You will receive more marketing emails & texts than ever before in 2021

By Rahul Vaimal, Associate Editor
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A recent study by Forrester Research, the US-based market research company, forecasts that in 2021, customers will receive more marketing emails, texts and push notifications than ever before as companies try to develop more direct customer relationships in the midst of the pandemic and economic fallout.

Forrester’s “Predictions 2021: B2C Marketing” report predicts that as brands continue to hold on to customers and drive new sales, marketing message volume will rise by 40 percent next year. The forecasts of the study detail some of the patterns that may have been triggered by the pandemic, but are expected to continue to impact marketing well into next year.

In the early days of the pandemic itself, customers started to experience a flood of emails from brands and other organizations, as companies tried to keep them in the loop about closures, safety precautions and services such as curb-side pickup.

But even if pandemic effects subside next year, efforts to reach consumers directly will continue.

“An unprecedented pandemic rendered B2C (Business to Customer) marketers’ existing plans and strategies moot, and new announcements from Apple and Google put data deprecation on a fast track. But these trends aren’t a flash in the pan,” the report says. “In 2021, marketers must prepare for an ecosystem without third-party cookies and device identifiers, all while navigating an unpredictable economy and reduced budgets and headcount.”

Focus on existing customers

The study predicts that brands will invest more on marketing loyalty and retention to lean on existing customers who are likely to limit spending in this uncertain time. Getting customers to opt in for loyalty benefits or to shop with them directly through an app can also give marketers a way to deliver customized messages more easily.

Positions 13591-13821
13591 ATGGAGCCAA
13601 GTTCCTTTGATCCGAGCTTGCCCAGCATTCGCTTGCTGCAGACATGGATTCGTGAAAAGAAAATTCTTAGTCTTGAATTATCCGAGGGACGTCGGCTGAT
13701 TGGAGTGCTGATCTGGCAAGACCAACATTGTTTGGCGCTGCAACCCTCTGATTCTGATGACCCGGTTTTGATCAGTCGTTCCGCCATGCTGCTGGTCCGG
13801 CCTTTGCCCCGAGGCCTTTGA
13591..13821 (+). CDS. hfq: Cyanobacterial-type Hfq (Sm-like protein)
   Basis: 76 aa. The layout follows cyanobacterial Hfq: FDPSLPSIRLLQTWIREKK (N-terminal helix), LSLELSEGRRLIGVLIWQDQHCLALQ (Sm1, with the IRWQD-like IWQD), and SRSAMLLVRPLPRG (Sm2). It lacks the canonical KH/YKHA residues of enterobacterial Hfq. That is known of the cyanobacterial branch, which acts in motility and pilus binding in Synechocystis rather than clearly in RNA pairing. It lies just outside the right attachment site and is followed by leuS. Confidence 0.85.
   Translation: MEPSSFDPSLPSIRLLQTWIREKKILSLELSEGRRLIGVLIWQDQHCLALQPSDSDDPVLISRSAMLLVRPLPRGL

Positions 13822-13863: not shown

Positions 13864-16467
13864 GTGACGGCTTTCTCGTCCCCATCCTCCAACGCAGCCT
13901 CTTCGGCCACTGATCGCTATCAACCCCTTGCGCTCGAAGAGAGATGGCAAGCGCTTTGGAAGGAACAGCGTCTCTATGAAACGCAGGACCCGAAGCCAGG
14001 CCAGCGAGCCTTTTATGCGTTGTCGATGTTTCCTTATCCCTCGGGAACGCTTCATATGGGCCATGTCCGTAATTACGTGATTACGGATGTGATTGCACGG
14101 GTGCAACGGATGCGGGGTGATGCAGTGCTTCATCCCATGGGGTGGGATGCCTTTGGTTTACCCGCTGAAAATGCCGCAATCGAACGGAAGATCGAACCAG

The additional outreach would lead to increasingly cluttered inboxes, so we can expect marketers to choose other ways like text messages.

“They’re thinking, if you’re not coming into our stores, we still need to be top of mind for you. Window shopping is less of an occasion these days. So how can we remain in communication?” experts say.

Other pattern changes

Forrester expects marketers to cut budgets for traditional corporate sponsorships next year, partially because sports ratings have been down and attendance at the stadium will be decreased or withdrawn by next year. Liu said the channel is also more difficult for advertisers, even pre-COVID, to calculate return on investment.

In order to continue targeting large markets but with more flexible contracts, Forrester expects that certain brands would reallocate budgets to cheaper opportunities such as e-sports.

The report also said that marketers would focus on more geographically targeted messages which will be a “neighborhood-level” effort.

“COVID-19 has driven a surge in sales of newly built homes as consumers flock to suburbs and rural areas for more space and affordability while taking advantage of flexible working options,” the report said. “In response, brands will scramble to transition from urban-oriented messaging to more geographically targeted efforts to engage with local neighborhoods.”